Bookshelves: biography, advance-review, i-am-an-anglophile, victorian-england

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The Poison Tree by Erin Kelly (Book Review)

The Poison TreeThe Poison Tree by Erin Kelly

My rating: 3 of 5 stars

“Every young person should have one summer they look back on for the rest of their lives.”

I never had mine, but given Karen’s “one summer,” that may be a good thing.

Bookshelves: brit-lit, chick-lit, mystery, plot-twists-and-irony, psych-thriller, thriller

I feel the same way about this book as I felt about The Burning Air – a climax that turns out to be worth it after rather slow building.

A couple of the situations were not terribly realistic, such as a heavily pregnant woman “feeling strong enough” to take a walk, or dropping a car’s chassis by six inches just by getting into it, or whose belly caused her to be “wedged solidly between the seat and the dashboard.” You might feel that fat, but a twiggy 21-year-old would have to gain like 300 pounds for that to be real. Same with passing out after two hits of hashish, unless the stuff my high-school boyfriend used to score was crap and I don’t know what I’m talking about here.

In The Burning Air I had to anchor the villain inside a thin-skinned, vengeance-bent person I used to know IRL in order to make the motive relatable. I had the same issue with this book. As square, studious little Karen was written, it was hard to fathom that she would overthrow her own accomplished and carefully-lived life to be subsumed into the world of a couple of quasi-bohos living on the dole in a filthy and rundown mansion. It wasn’t until Helena Bonham Carter’s portrayal of Marla Singer from Fight Club popped into my head that I was able to see Biba’s supposed allure.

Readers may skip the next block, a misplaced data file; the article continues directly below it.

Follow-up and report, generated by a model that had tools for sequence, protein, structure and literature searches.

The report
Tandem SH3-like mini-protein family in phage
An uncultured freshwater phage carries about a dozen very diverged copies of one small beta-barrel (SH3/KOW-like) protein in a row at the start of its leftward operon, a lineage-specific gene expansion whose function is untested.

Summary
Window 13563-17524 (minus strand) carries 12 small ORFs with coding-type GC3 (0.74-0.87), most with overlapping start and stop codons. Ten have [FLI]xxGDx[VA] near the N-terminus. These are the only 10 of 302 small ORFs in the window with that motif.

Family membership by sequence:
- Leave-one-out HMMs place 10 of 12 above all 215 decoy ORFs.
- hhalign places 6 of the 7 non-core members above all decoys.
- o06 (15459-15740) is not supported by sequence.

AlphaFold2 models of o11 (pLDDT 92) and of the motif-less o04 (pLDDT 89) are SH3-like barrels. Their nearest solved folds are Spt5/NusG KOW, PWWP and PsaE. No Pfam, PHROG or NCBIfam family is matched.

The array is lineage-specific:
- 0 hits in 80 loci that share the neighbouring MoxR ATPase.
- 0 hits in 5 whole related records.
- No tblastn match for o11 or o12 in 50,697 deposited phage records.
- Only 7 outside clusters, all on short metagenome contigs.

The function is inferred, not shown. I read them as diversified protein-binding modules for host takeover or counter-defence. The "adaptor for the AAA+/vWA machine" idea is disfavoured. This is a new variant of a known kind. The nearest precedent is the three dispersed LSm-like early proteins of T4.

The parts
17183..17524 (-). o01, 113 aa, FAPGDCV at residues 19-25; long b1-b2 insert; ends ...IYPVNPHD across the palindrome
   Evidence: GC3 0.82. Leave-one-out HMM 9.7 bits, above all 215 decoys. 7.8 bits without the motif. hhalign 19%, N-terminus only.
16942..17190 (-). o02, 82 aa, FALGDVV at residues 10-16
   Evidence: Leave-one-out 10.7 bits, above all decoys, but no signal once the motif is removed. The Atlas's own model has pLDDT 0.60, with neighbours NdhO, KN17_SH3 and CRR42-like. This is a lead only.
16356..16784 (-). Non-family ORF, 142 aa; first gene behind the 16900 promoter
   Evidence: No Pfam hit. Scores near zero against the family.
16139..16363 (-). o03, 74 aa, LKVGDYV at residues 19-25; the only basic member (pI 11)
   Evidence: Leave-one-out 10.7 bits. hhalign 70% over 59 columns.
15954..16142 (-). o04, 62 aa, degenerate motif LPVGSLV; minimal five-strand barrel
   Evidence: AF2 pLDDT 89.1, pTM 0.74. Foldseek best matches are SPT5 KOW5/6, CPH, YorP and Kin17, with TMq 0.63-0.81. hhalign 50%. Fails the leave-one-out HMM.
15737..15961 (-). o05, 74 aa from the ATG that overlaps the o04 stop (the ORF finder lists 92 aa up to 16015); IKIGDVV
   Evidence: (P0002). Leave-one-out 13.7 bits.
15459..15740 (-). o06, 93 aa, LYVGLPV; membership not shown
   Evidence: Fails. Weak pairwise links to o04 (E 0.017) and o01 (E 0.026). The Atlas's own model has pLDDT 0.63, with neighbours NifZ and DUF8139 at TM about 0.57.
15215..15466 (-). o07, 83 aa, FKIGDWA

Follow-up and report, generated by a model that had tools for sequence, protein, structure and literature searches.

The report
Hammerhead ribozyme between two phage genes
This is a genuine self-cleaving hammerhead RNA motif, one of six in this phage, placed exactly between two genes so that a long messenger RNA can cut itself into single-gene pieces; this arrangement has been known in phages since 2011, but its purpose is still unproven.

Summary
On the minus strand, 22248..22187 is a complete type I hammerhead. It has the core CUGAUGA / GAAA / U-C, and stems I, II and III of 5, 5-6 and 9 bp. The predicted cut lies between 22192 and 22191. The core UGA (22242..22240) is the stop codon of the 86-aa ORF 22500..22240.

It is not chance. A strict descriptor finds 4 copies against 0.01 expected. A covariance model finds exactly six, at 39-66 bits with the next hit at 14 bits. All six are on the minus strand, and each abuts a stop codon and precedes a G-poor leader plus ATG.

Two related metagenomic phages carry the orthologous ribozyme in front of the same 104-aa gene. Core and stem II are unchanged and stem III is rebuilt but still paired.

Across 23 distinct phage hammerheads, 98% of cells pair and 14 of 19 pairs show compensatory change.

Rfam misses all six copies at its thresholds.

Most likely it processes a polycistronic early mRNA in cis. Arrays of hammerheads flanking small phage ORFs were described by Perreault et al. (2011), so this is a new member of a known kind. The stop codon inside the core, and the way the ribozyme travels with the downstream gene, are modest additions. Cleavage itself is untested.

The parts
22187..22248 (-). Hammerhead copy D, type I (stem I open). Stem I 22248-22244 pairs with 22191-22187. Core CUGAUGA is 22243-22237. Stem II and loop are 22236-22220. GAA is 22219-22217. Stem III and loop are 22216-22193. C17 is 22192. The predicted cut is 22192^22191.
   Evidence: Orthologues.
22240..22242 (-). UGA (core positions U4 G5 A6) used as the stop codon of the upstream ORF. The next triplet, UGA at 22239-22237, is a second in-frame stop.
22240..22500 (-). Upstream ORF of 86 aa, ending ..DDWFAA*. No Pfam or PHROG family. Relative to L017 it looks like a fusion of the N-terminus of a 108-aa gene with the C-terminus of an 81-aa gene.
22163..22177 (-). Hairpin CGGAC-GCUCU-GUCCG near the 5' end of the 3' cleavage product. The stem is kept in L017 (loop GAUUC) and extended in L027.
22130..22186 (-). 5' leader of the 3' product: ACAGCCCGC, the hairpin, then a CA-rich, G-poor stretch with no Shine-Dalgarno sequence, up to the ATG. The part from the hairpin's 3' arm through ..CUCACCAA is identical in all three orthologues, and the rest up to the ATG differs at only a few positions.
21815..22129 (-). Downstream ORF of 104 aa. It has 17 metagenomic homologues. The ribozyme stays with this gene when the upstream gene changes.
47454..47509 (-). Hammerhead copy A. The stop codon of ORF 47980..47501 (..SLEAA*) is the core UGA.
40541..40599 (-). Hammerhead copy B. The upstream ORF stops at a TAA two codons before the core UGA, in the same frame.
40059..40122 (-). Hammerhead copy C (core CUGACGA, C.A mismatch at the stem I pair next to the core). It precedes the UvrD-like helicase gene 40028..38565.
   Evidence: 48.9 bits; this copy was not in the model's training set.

That I’ve had this problem with two of this writer’s books makes me think that the characterization skills are not all they could be. Still, Kelly is deft with foreshadowing and red herrings and plot twists, and the climax was divine. This is decent escapism stuff. Just picture Marla.

marla-smoking-500x218

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Pining Away (Jane Doe Flash Fiction)

unsplash-pine-pixabay-cc
Unsplash/Pixabay

Jane looks at the lonely pine in the back of “her” back yard, remembering her Great-Great-Aunt Lou, who used to sit beneath a similar pine in fair weather, contentedly reading her Bible or Thoreau with a magnifying glass, ignoring everyone’s warnings about the thousands, surely thousands, of black widows back there. How carefree and safe childhood was, looking back!

Wouldn’t it be fun if she could somehow string this backyard pine with fairy lights? But no, that’s not what her life is now, not in this house that’s not even hers, it’s just where she hides, an otherwise homeless squatter.
She shouldn’t waste what battery life she has on her laptop, but she clicks on YouTube anyway, opening the clip of that hilarious dead Norwegian Blue, pining for the fjords. Everybody just wants to go home.
This is a vignette from The Life and Times of Jane Doe, this week’s Six Sentence Stories installment for Ivy’s blog hop. More fun Sixes are here.
When I think of pining, I always think of Monty Python’s dead parrot.

Takin’ a Gander (Jane Doe Flash Fiction)

Rough Writers and Friends December 8 flash fiction challenge: In 99 words (no more, no less), write using the word gander as a verb.

“Hey, baby, how you doo-in?”

“Well, hel-lo, beautiful! “

Sidelong, Jane can see the predatory teeth. Other faces join the leer, other voices join the taunts.

“C’mon, smile, honey.”

“Take a gander at this, boys.”